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Beyond the Bale : September 2015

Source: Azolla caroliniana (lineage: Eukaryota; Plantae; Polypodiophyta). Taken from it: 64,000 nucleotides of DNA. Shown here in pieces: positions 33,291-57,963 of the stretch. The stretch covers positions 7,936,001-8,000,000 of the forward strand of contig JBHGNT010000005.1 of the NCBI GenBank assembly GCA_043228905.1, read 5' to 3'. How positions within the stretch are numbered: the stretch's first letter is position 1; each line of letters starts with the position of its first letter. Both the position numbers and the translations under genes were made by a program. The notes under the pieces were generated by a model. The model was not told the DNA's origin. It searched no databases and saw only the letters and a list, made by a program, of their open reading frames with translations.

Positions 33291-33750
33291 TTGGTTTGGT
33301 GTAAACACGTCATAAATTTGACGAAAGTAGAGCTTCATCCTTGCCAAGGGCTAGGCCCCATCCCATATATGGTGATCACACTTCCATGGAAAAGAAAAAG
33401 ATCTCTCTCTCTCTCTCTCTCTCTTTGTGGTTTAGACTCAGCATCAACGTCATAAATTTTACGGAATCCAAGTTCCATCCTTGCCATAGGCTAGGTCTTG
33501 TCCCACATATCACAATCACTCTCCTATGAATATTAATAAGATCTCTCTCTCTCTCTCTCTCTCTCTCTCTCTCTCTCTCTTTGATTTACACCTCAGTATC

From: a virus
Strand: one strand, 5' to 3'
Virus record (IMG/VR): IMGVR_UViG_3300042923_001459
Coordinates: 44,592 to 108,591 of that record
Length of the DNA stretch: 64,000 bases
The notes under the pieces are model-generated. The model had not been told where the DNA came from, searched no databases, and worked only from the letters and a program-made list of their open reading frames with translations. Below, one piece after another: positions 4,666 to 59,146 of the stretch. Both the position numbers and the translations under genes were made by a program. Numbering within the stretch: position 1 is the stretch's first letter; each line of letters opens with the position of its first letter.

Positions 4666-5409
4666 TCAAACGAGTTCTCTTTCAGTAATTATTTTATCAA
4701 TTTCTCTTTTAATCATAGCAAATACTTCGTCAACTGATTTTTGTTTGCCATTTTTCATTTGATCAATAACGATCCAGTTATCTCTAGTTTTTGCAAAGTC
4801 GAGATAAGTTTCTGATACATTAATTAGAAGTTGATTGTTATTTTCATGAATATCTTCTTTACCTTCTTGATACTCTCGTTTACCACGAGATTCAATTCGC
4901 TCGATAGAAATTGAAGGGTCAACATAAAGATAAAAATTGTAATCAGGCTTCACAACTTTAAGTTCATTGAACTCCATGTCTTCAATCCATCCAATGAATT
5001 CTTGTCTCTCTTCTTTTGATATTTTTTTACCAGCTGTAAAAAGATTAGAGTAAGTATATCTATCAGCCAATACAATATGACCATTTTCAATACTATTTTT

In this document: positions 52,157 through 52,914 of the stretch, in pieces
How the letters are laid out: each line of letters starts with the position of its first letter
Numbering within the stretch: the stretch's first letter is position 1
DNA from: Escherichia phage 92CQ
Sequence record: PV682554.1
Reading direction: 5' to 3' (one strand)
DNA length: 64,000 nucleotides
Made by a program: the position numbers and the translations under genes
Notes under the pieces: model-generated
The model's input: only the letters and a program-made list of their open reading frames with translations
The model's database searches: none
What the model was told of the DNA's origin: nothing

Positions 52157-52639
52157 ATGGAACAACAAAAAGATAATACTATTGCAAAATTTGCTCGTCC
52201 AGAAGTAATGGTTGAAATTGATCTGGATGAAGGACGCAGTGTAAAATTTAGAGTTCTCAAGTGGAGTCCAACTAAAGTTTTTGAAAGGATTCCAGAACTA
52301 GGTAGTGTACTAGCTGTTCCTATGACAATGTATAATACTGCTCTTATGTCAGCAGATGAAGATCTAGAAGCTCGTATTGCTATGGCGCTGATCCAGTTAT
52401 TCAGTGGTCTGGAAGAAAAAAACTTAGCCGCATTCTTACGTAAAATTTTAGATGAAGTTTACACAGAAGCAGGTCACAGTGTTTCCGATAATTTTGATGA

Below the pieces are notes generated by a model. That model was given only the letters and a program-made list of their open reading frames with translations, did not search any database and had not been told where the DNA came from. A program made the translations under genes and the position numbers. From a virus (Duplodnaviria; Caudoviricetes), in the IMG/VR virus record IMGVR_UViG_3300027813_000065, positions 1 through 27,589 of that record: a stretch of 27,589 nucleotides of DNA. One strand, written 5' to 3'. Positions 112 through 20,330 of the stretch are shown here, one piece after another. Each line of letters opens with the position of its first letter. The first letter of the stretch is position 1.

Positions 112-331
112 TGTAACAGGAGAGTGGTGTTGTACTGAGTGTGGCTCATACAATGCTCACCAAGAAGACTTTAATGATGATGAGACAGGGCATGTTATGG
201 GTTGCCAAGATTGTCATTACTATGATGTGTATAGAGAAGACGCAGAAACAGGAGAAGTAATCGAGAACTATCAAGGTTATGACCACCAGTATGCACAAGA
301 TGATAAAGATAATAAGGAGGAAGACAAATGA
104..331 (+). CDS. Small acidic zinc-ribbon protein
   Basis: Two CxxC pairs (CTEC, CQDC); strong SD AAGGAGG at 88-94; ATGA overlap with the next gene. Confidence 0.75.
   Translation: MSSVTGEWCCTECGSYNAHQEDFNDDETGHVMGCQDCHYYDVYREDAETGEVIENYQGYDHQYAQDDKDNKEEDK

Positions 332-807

38 ON FARM Queensland's twice-yearly regionally coordinated aerial baiting campaigns -- along with ground baiting, trapping by professional trappers and landholders, and shooting -- continue to cover a considerable area of the state during key periods of wild dog activity. As in the previous two years, AWI's Queensland wild dog coordinator Brett Carlsson facilitated the drafting of the baiting calendar for the April-May campaign, and assisted with its implementation by engaging the councils of 15 shires to bait in a coordinated sequence. When Brett was appointed wild dog coordinator in 2012, one of the primary things he did was to facilitate a workshop with local governments, producers and their wild dog committees to discuss and create a coordinated twice yearly aerial baiting program. While there had been aerial baiting programs prior to then, the significant difference of the new program was that it was a coordinated campaign with agreement from the shires on the sequence that the baiting takes place. "The situation they were in was that the current booking arrangement for aerial baiting sometimes resulted in large time gaps in baiting programs between neighbouring shires, and this in turn led to dogs moving between unbaited and baited areas very soon after each program," Mr Carlsson said. "The programs are now more successful in logistically ensuring that the shire areas are being baited in a coordinated sequence that aligns with neighbouring shires and reduces the time gaps between programs." The combination of utilising aerial and ground baiting throughout the campaign time frame enables a considerable area of Queensland to be baited, with the shires involved covering approximately 69.5 million hectares which is about 40 per cent of the entire state of Queensland. As a result of the improved coordination, many producers have noticed a decrease in the incidence of dogs reinfesting unbaited areas across shire boundaries, which was the previous problem prior to the implementation of the coordinated calendar. Since 2014, the campaign now utilises three aircraft to carry out the aerial baiting whereas previously there was only the one operator. Brett was instrumental in the engagement of the additional aerial providers ensuring the baiting program was carried out at the most suitable time to increase effectiveness. This has also reduced the time to complete the entire program from approximately three months down to six weeks. "Despite the effects of the drought, the motivation of producers to proactively control wild dogs is still high," Mr Carlsson said. "The sharing of knowledge, information and the coordination between groups is very encouraging. The chairs from the committees are now talking together regularly outside of meeting times, and sometimes sharing resources which demonstrates that there is a strong shared interest and motivation to improve the control programs where we can." The baiting campaign engaged 15 local governments/wild dog committees Flinders, Richmond, McKinlay, Winton, Barcaldine, Longreach, Blackall/Tambo, Barcoo, Diamantina, Quilpie, Bulloo, Murweh, Paroo, Maranoa and Balonne, of which six are outside of the Brett's project area. Planning is under way for the October- November 2015 campaign. Brett also assists in other wild dog control initiatives such as planning and presenting AWI-funded wild dog trapping workshops in partnership with AgForce staff and supported by Biosecurity Queensland, as well as professional trappers. The presentations include a strong message of coordination at a local and regional level as well as the importance of landholder-led wild dog management groups and the role they play in wild dog control. MORE INFORMATION Brett Carlsson, 0428 730 553, firstname.lastname@example.org A coordinated aerial baiting program in Queensland, along with ground baiting, enables the baiting of about forty per cent of the state. The twice-yearly aerial baiting program, organised with help from AWI's Queensland wild dog coordinator, is run in sequence across shires using three aircraft to help ensure that there is a maximum impact. The aim of the initiative is to help control wild dogs that are causing significant livestock losses in the region. BAITING IN QUEENSLAND COORDINATED AERIAL Coordination and cooperation are crucial to effective wild dog control. Pictured here is the Flinders Shire Wild Dog Management Committee planning and prioritising control efforts at a workshop facilitated by AWI's Queensland wild dog coordinator Brett Carlsson (second left).